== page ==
of harmony and color––even in outposts like these that the train is passing
through.

Railroad tracks in most cities are usually the ugliest of places, but not
so in Russia today. Shiny trains pull up in the cities, young women and men
in sharp fitted uniforms with hats step out and welcome guests. Gone are
the sour-faced elderly ladies who looked suspiciously over our tickets and
passports. Even the small train stops are obviously cared for. We just
passed a small Orthodox church with the four cupolas and one central one
looking as though they have been recently renovated with pure gold. Surely
not, but it appeared so. Off in the distance as we pull away from the town
are the two and three-story new homes, none of them alike. Obviously tract
homes haven't come to Russia yet. These are the homes of entrepreneurs,
including bureaucrats no doubt, the latter unfortunately having made their
livings off of the entrepreneurs in the 1990s and 2000s. Even nondescript
outlying regions like these have developed a new face. At the train stops,
the traditional babushkas usually selling foods to train occupants from
their baskets are not there! The old bent shoulders are being replaced
with rural people who are young, slender, shoulders back––they walk at a
different pace than their fathers, mothers and grandparents. Their clothing
is similar to average Americans (since the Chinese are making most of what
both peoples' wear today).

Now back to the seemingly endless miles of landscapes with cultivated farm
lands in between thick green forests. Volgograd is now about an hour away.

So, yes, to this veteran watcher of all remnants in this country, it is
clear that beauty is back; much of the older generation has died off, and
a new Russia is being born here. Over the past decade I've been able to
finally see the blossoming of their deep respect for their rich Russian
culture––its literature, poets, and musical geniuses are coming
back––thankfully it was not lost in the miserable turnstile between the
Soviet era and this new period of societal development.

~~~~~~~~~~~~~~~~~~~~~~~~~~~~~~~~~~

We, the Baltic peoples, the Ukrainians, or any country, have NOTHING to
fear from today's Russia. From all conversations we are having, Russians
have NO interest in more land mass; they have more land than they need,
and the worst situation of all, would be to have resentful Baltic countries
or other nations under their rule again. The constant allegations that
Russians are looking to take over additional territory are totally
manufactured propaganda.

We do need to understand that Russians will never submit to a world culture
that is different from their own––any more than we in America would.

Russians have regained their national pride over the past decade and are
capable of defending their right to exist––and they have a government today
that will protect their deeply embedded culture. Russia will never be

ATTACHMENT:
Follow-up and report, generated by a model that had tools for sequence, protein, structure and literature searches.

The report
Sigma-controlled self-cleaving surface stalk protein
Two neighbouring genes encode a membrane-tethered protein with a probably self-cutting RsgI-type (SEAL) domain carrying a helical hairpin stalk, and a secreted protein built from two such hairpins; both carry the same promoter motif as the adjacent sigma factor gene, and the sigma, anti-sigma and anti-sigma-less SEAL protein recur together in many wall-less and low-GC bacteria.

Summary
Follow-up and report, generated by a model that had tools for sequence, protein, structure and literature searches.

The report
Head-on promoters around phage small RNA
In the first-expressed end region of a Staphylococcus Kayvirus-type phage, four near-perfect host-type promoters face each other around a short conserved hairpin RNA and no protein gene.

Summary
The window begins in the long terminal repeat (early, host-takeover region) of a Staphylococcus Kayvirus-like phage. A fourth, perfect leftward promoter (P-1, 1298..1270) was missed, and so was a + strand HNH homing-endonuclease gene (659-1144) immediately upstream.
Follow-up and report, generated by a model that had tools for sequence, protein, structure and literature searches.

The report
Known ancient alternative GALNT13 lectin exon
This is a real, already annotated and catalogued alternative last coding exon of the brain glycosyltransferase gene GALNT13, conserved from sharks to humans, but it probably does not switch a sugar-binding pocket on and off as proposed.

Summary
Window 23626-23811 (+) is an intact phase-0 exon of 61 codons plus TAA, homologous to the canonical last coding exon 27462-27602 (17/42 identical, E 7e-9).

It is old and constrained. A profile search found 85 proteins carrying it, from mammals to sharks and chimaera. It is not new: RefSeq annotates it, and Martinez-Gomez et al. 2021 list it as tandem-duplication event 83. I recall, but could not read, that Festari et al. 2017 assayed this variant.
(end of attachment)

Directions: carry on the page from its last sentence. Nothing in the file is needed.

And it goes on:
precisely like America, nor should they be; their history and national
conditionings are quite different from ours. However, they are completely
ready to let America be America …. and for us and other countries to
develop what is comfortable for ourselves. They have NO intention to
impose their culture on others.

The narrow slice of today's American policymakers need to get accustomed to
this fact and stop their incessant preoccupation to remake the world in
America's image.

On to Volgograd ….. Sharon

When referring to the policies that are currently being made in the West, I
find it more appropriate to designate them as "Washington policies," not
U.S. or American policies.

I KNOW middle America. I've been traveling from state to state over the
past three years speaking and selling my book. Even though many Americans
are frequently misinformed by MSM, Americans are truly good people with
good hearts and would never wage wars on other countries …. or on Russia.
From Rotary and Kiwanis clubs to business forums, libraries, churches,
universities and even high schools, Americans are good stock, doing good
work in their cities and states. They want to know the truth and are open
to new inputs. Our MSM has been relentless and of one voice on Russia
over the past few years --- to the place where the average American hardly
realizes that the "sanctions" are an all-out attempt to take Russia down
economically. If you are interested, I can send Internet URLs by
responsible investigative journalists and international news services which
will give multiple points of view on these topics. Wars have been fought
over such tactics as economic sanctions in the past. Fortunately Russia
has kept a cool head and is able to survive––and has as a result, developed
serious supportive relationships with China, India, Brazil and South
Africa–the BRICS countries. More on this to follow.

If you are interested in a trip to Russia of this type, please let us know,

Sharon Tennison

Please excuse poor sentence structure, typos, etc. No editors available.